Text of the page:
- Avoid inaccurate cutting
- Don’t skip the basting (sandwich) part
Steps to follow for beginners when quilting with a sewing machine
Straight Line Quilting
Step 1: Draw a straight line with a quilting or dress marking pencil using a long quilting ruler from edge to edge of the quilt. For multiple lines, do the same thing repeatedly.
You can mark the quilt from top-to-bottom and left to right to make a pattern like this.
The marking pencil will make a colored line as a sewing guide and will wash away upon the first washing of the quilt.
Step 2: Once the lines have been drawn, take the quilt to the sewing machine. Make sure one half of the quilt is rolled towards the center line to fit through the machine. That’s because sewing machines have smaller workspace and the whole quilt won’t fit there.
Step 3: Now use the sewing machine to stitch along the marked lines easily!
The stitching must be started from the center. Otherwise, the quilt will get wrinkles or tucks. It is recommended that you finish one line at a time and remove only those pins that interfere with stitching.
Quilting Cross ‘’X’’ Lines
Step 1: To make the ‘X’ on each block, you will have to draw lines first because it’s a tough part. If the measurements aren’t right, the ”x” lines won’t match or fit each block in the same way.
So you will have to use a long quilting ruler and make a grid pattern with the same distance between each line vertically and horizontally as shown in the ”straight line quilting” method.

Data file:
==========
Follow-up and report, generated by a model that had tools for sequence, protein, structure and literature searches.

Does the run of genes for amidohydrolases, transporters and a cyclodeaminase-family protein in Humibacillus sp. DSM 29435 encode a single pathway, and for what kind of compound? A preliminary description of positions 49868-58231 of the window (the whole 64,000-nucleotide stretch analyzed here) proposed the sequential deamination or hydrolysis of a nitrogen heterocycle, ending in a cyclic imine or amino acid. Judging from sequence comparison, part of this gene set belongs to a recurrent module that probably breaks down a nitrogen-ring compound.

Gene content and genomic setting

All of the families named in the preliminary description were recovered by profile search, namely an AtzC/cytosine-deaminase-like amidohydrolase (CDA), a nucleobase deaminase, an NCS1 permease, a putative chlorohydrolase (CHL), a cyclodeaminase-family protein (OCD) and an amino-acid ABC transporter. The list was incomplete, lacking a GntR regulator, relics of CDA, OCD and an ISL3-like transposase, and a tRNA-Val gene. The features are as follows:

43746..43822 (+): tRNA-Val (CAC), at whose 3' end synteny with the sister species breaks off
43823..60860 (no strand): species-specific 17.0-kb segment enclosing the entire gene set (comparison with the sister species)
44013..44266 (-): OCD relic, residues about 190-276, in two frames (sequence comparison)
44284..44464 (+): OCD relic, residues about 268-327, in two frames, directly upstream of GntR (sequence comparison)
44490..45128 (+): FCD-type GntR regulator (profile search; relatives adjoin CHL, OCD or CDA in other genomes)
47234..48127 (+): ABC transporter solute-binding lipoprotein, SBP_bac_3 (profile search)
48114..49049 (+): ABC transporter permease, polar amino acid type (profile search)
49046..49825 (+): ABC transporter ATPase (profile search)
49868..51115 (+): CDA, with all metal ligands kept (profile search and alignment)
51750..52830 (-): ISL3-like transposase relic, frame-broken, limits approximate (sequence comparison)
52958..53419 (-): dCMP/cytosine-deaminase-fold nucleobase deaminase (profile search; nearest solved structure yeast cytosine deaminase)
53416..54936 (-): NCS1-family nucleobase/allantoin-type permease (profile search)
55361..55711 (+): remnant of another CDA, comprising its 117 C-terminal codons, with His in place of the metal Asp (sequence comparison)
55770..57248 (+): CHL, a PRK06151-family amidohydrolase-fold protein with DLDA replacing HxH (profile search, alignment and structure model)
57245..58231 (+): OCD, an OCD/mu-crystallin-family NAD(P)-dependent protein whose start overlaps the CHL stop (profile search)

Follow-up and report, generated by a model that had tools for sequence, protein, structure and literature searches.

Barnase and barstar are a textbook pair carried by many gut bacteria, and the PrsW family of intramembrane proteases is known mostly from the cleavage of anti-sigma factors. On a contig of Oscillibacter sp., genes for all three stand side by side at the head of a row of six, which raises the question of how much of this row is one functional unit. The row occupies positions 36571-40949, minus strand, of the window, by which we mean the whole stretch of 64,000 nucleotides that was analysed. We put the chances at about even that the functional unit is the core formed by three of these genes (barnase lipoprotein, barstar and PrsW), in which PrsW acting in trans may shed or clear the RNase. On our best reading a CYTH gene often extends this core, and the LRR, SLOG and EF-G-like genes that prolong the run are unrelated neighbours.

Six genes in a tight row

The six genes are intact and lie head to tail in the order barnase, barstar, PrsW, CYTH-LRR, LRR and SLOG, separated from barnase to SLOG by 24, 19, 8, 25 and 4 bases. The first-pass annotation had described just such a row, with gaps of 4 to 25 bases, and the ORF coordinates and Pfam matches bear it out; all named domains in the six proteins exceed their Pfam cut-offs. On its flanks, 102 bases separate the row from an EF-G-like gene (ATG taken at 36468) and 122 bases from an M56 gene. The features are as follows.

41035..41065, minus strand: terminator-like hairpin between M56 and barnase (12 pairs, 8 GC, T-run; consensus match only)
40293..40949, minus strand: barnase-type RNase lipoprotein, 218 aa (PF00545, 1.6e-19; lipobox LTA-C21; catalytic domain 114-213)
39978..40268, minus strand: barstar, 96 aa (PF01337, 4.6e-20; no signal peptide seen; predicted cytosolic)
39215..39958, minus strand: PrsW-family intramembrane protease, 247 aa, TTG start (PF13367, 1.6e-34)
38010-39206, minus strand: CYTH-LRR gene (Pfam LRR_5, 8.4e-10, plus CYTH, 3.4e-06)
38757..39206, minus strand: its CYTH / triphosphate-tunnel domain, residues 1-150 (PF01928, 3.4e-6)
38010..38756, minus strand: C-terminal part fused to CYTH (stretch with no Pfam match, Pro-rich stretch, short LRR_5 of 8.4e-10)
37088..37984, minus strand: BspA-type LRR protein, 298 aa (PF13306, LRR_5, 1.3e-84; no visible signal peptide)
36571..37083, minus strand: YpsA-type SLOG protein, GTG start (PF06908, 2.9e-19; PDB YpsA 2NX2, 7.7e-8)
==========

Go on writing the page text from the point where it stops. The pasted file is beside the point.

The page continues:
Step 2: You will now need to draw an ”X” on each block using the ruler as shown in the image below.
Keep drawing lines in this direction, and then go for the next step.
Step 3: Follow the same method but in the opposite direction as shown below.
This is how the pattern will look once it is finished.
Step 4: Now that you have a pattern, you can follow it and stitch without making any mistakes.
Just remember to start in the center and work from the center to the other side of the quilt.
Adding a Border
Step 1: Measure your quilt from top to bottom from 3 sides as shown in the image below. The result will be more accurate if the measurement is taken from three sides.
Leave 1-2 inches when measuring because the quilt edge might be wavy or uneven and if they are, then cut the edges and make them straight after measuring the quilt.
Step 2: Cut the border fabric to the same measurements as the quilt. After this, lay the fabric on the edge of your quilt, ensuring that no part of the quilt edge remains uncovered. Use safety pins to attach the fabric to the quilt.
Step 3: It’s time to sew the borders! Use your sewing machine to sew the quilt and border fabric edges together.
For the other edges, do the same thing, and the borders will be added successfully.
Moving To The Next Level
As you quilt, you will gain more experience. Eventually, you’ll want to take your quilting to the next level and that’s free motion quilting.
If you’re using a regular sewing machine, free-motion quilting is a little more challenging. The odds aren’t in your favor, but it’s not impossible either!
For free motion quilting, you simply need to lower your feed dogs and adjust the walking foot so that you are able to have full control over the fabric as you are quilting it. In this way, you can move the fabric in any direction and create any pattern or design you like.